Satire about Indian farmers hamstrung big agri-business is strong, but the subject and its treatment may confuse ticket buyers

Peepli Live

on August 13, 2010 by Tim Cogshell
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Since the early 1990s, nearly two hundred thousand farmers in India have committed suicide. The reasons for this are manifold but fundamentally are based in a clash between huge agri-business chemical companies (including American companies) and traditional rural farmers that work small farms to feed their families and their communities. Suffice it to say the farmers are left bereft after encountering agri-business and the banks that back them, and thus find death a better option. The Peepli to which the film's title refers is a fictional farming community; the story at the center of the film is about these circumstances, including the potential suicide of one of Peepli's farmers, Natha (Omkar Das), as he faces the wrath of his family and losing his land. Yet, Peepli Live is a comedy. Actually, to be fair, it's a satire. Indeed, its satire of government failures, political ineptitude, corruption and media exploitation is often very funny. Yet the opening statistic of two hundred thousand deaths from despair belies the humor. It boggles the mind. The juxtaposition of the tragedy and the lunacy of the circumstances are not completely disparate; satire is an appropriate weapon here, but it's the drama in Peepi Live that truly resonates. Audiences expecting Bollywood dance numbers or gags about cultural differences will be disappointed. Those concerned about the plight of desperate Indian farmers, which is the audience most likely to seek out Peepli, is not in a laughing mood, which can't spell good turn out for Peepli Live.

The film opens with Natha running. It's surreal moment as the rubber-faced, fuzzy-haired farmer is pursued, but by whom? Then Natha wakes only to find that he's still running (metaphorically) from the creditors who will soon take his small farm. With his brother, Budhia (Raghuvir Yadav), Natha wonders what they will do. They attempt get help from local political figures but are mocked by them. They attempt the get help from the greater regional and national governments and are ignored. In the news there are stories of farmer suicides and the government stipends that are sometimes offered to the families of these victims of modernization. So Budhia has a bright idea: he proposes Natha commit suicide to save the farm.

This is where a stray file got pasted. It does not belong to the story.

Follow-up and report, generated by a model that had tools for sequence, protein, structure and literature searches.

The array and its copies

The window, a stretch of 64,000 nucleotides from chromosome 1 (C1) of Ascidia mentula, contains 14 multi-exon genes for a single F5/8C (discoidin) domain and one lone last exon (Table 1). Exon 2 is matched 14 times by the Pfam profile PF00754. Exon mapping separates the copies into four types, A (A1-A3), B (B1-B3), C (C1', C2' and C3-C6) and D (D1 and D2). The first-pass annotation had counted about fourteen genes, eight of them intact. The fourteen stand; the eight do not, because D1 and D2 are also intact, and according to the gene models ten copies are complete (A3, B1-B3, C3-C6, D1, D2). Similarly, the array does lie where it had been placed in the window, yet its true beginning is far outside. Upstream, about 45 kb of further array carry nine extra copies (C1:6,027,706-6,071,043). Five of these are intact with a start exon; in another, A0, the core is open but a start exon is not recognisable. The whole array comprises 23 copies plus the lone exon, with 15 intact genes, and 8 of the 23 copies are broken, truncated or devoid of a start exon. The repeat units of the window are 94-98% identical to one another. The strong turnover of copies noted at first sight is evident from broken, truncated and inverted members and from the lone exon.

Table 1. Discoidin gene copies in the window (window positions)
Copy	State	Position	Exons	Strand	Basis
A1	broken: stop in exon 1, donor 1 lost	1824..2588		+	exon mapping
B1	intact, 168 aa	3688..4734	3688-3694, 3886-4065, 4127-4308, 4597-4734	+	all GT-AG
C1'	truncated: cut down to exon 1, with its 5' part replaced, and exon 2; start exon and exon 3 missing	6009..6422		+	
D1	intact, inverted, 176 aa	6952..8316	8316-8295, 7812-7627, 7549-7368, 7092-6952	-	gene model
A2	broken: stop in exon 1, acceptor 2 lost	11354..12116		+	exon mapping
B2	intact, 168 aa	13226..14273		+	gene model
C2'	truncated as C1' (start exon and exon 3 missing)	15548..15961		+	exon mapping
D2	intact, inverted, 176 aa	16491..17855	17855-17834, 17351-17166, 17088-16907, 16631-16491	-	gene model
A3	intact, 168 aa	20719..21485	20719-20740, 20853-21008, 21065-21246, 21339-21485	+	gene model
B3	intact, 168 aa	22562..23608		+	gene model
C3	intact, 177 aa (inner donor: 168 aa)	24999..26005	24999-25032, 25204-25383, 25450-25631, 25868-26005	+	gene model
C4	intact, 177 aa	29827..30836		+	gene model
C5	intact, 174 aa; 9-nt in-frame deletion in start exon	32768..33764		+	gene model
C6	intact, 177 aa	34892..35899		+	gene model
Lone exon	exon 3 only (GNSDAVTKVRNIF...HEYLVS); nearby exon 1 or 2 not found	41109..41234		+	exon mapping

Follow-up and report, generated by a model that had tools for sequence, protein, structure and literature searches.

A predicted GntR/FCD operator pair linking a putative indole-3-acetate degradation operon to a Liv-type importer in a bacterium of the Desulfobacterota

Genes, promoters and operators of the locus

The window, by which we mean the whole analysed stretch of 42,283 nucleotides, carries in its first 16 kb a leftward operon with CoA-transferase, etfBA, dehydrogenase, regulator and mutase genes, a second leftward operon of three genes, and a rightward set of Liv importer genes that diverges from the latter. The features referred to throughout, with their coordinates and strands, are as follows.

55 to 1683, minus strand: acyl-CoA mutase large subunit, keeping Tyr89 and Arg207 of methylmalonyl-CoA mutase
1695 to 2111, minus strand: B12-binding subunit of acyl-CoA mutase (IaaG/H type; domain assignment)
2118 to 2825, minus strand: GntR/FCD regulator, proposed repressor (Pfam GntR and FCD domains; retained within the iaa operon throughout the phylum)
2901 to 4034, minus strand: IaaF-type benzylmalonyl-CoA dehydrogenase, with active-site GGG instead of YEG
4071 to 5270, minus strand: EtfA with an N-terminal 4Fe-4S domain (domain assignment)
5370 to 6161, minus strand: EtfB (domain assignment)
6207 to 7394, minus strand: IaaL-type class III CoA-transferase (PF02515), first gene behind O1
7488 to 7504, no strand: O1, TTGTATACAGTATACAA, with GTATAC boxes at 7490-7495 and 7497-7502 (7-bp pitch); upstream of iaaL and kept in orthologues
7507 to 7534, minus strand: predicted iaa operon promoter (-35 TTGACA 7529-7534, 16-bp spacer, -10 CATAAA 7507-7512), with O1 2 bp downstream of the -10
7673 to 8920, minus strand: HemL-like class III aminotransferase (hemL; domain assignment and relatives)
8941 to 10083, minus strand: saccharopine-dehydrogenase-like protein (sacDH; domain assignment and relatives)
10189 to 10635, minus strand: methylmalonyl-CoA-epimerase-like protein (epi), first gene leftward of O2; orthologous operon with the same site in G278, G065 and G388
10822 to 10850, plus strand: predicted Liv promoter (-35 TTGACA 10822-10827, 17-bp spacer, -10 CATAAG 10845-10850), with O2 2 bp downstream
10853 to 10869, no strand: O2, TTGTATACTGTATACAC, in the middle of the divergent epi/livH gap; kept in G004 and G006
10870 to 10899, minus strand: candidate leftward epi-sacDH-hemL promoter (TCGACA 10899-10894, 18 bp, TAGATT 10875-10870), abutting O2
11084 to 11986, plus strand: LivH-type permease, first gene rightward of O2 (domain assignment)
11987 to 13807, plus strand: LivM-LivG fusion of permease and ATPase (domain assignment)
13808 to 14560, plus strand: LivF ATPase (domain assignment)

What ensues is a comedy about what happens when not only the systems of government and community breakdown, but when all the social structures that should support and protect a society, particularly the media, come undone in service of protecting patronage, corporate profits and ratings. Natha finds himself the subject of a nationwide, prurient interest in his pending suicide. Will he or won't he kill himself? Whatever might be done to prevent this; or should he be martyred for the cause and great news ratings. The media descends, the politicians spin and Natha reels. Maybe he should just kill himself.

Peepli Live is directed by Anusha Rizvi with Mahmood Farooqui, but its producer and patron is legendary India superstar Aamir Khan. That Khan has taken up this issue in any context is notable, and will be noted by Indian natives and expatriates. That it takes a movie star to make a film about such a horrible circumstance is yet another tragedy. Khan is not so much a star in the west, which suggests that the ongoing tragedy of Indian farmer suicides will not be truly noted in the west for some time to come. Satire or drama, the loss of these Indian farmers remains dangerously invisible.

Distributor: UTV Communications
Cast: Omkar Das, Raghuvir Yadav, Shalini Vatsa, Farrukh Jaffar and Malaika Shenoy
Director: Anusha Rizvi and Mahmood Farooqui
Screenwriters: Anusha Rizvi
Producers: Aamir Khan and Kiran Rao
Genre: Satire; Hindi-language, subtitled
Rating: Unrated
Running time: 106 min
Release date: August 13 ltd.

Tags: Omkar Das, Raghuvir Yadav, Shalini Vatsa, Farrukh Jaffar, Malaika Shenoy, Anusha Rizvi, Mahmood Farooqui
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